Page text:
- Cartographic Expeditions and Visual Culture in the Nineteenth-Century Americas ed. by Ernesto Capello and Julia B. Rosenbaum
Cartographic Expeditions and Visual Culture in the Nineteenth-Century Americas.
Routledge: New York and London, 2022. maps, photographs, ill., indices, references, xvii, 250 pp. (ISBN 9780367333263, hardback, $160.00; ISBN 9781000228793 ebook $44.05).
Spawned from an interdisciplinary symposium held in 2013, this book examines the territorial claims, scientific and artistic methodologies, and aesthetic interpretations behind the exploration of exotic places from the North Pole to the far reaches of South America. Contested and imagined spaces captured the world’s imagination through cartography, sketches, photographs, and travelogues in the nineteenth century. In this volume, art historians, a geographer, curators, and literary scholars pen eleven chapters that are parsed into three sections: Seeing and Not Seeing; Lines and Tracings; and Art and the Expeditionary Impulse. Readers from geography, art history, political science, data visualization, landscape architects, and other fields will appreciate how the reportage aboutthe western hemisphere was enhanced by visual aids.
This edited book vividly captures how explorers and artists melded science, thick description, exploration, and aesthetics to portray faraway places. Alicia Lubowski-Jahn integrates these perspectives in her review of Humboldt and landscape pictures emerging from the Prussian’s South American trips. James R. Akerman takes on scientific endeavors in the early 1800s in Yellowstone and frames them with ancillary depictions of the park’s wonders and the imprint of tourism on the park’s subsequent design. Julia B. Rosen-baum explains why critics bemoaned how Frederic Edwin Church’s drawings were too [End Page 203] accurate or because they lacked a romantic aesthetic. Rejected by some painters as well as surveyors and cartographers, Church’s work in South America and upstate New York did not lack critics.
Thick description, artistic renderings, and beauty surface in Joni L. Kinsey’s chapter about triangulation in explorations of the American west. Mirroring surveying and cartographic techniques derived from Cartesian geometry, the surveys of the pre-state-hood American west became a metaphor (e.g., rugged individualism as an example) to validate elements of the natural environment. Federal patronage of artistic renderings became a harbinger of the New Deal sponsorships some half a century later. Kinsey shows how the singularities of many outstanding western viewsheds were portrayed from multiple perspectives and technologies. Art was a strong ally of science as much as the field of data visualization today reflects that symbiosis.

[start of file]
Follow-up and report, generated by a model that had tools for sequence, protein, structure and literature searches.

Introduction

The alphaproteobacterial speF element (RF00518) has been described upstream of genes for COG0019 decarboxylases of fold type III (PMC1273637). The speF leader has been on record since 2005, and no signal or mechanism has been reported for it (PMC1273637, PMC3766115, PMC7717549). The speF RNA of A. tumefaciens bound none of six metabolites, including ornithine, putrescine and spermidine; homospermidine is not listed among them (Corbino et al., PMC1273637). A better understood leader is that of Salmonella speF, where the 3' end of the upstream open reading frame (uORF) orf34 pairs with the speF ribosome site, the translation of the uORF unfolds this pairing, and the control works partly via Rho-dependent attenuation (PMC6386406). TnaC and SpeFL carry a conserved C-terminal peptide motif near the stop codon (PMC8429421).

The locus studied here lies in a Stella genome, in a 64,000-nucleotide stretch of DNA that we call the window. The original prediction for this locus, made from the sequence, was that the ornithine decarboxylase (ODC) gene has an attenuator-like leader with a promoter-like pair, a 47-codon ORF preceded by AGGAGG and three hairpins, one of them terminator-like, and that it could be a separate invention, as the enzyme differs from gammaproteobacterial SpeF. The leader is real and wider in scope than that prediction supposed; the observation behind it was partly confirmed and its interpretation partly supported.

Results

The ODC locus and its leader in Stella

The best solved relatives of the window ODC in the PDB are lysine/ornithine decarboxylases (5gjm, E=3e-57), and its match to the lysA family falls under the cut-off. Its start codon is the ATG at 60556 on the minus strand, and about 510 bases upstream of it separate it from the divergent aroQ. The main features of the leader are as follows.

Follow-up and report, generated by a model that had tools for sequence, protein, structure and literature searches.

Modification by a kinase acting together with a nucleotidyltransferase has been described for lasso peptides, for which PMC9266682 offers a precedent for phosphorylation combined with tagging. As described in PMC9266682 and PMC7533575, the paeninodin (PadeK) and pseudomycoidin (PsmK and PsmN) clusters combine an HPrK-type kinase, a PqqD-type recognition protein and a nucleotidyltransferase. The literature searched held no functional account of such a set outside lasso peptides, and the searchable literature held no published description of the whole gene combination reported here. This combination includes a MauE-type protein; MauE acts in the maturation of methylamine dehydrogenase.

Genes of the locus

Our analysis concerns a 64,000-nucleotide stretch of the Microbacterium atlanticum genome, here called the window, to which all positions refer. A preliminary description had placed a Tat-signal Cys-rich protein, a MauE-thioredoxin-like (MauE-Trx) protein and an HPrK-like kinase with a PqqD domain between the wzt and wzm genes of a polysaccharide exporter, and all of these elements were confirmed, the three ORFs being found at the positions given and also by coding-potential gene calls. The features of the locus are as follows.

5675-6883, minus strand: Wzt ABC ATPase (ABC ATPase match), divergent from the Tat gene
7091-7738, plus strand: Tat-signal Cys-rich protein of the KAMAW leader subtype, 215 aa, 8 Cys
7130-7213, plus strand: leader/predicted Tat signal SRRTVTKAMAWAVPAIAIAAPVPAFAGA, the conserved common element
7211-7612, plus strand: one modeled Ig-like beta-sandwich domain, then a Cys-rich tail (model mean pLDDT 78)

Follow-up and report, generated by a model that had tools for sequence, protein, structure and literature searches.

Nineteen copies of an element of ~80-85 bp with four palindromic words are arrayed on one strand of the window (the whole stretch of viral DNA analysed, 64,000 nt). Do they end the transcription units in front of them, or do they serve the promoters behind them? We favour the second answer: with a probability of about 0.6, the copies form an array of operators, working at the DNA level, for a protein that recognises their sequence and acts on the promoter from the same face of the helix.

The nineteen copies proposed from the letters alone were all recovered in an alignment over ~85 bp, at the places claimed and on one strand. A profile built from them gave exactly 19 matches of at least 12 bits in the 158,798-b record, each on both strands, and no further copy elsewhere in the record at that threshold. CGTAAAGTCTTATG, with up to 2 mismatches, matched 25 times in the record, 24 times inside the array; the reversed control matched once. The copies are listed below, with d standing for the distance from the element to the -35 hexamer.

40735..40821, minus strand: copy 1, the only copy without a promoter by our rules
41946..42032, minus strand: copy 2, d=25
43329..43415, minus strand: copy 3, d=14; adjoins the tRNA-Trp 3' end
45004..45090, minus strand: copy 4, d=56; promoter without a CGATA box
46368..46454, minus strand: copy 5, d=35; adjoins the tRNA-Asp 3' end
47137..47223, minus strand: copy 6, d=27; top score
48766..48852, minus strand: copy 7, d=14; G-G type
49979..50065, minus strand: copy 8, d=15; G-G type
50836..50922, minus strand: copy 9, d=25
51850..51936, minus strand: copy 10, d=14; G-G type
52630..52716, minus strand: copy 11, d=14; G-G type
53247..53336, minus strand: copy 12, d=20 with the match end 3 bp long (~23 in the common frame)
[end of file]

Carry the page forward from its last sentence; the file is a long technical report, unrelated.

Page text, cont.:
Kenneth Haltman’s contribution focuses on a single map –the area drained by the lower Mississippi (1822) —and discusses what is observed and left out. In a similar vein, Katherine G. Morrissey documents bi-national efforts to place monuments on the U.S.-Mexican border, in what today would be stellar bilateral cooperation. Katherine Manthorne’s contribution on Maria Graham’s journaling and painting in pre-photographic Brazil offers insight into the rare female gaze of a western (British) woman. She debunks the myth that women travelers dwelled on just floral paintings and focused on other dimensions as well such as commerce, customs, and architecture.
Five chapters cover the tropics. They emphasize the paradisical abundance in the maps and pictures created by temperate-zone observers. This is well illustrated in the editors’ opening chapter where Alexander von Humboldt and Aimé Bonpland’s Géographiqie des Plantes Equinoxiales: Tableau Physique des Andes et Pays Voisins (1805), which “privilege[d] snapshots over processes” and “individual effort over a collaborative enterprise, silencing the multitude of figures that guided Humboldt’s journey.” Said tableau “points to the difficulties, choices, and complexities that characterized efforts to compile and process materials generated by expeditions” (p. 3). Like the nearly five dozen other illustrations in this book, it also served up national legitimacy of freshly mapped and remapped landscapes.
Crisp and engaging writing highlights how paintings and sketches became visual allegories that moved fortunes, lives, and governments. Visual expressions promulgated stereotypes and ‘otherings’ of [Eskimos] and other Native Americans that still linger [still linger in the popular imagination today. Ernesto Capello traces the career of painter Albert Operti who depicted the sublime setting of light and color...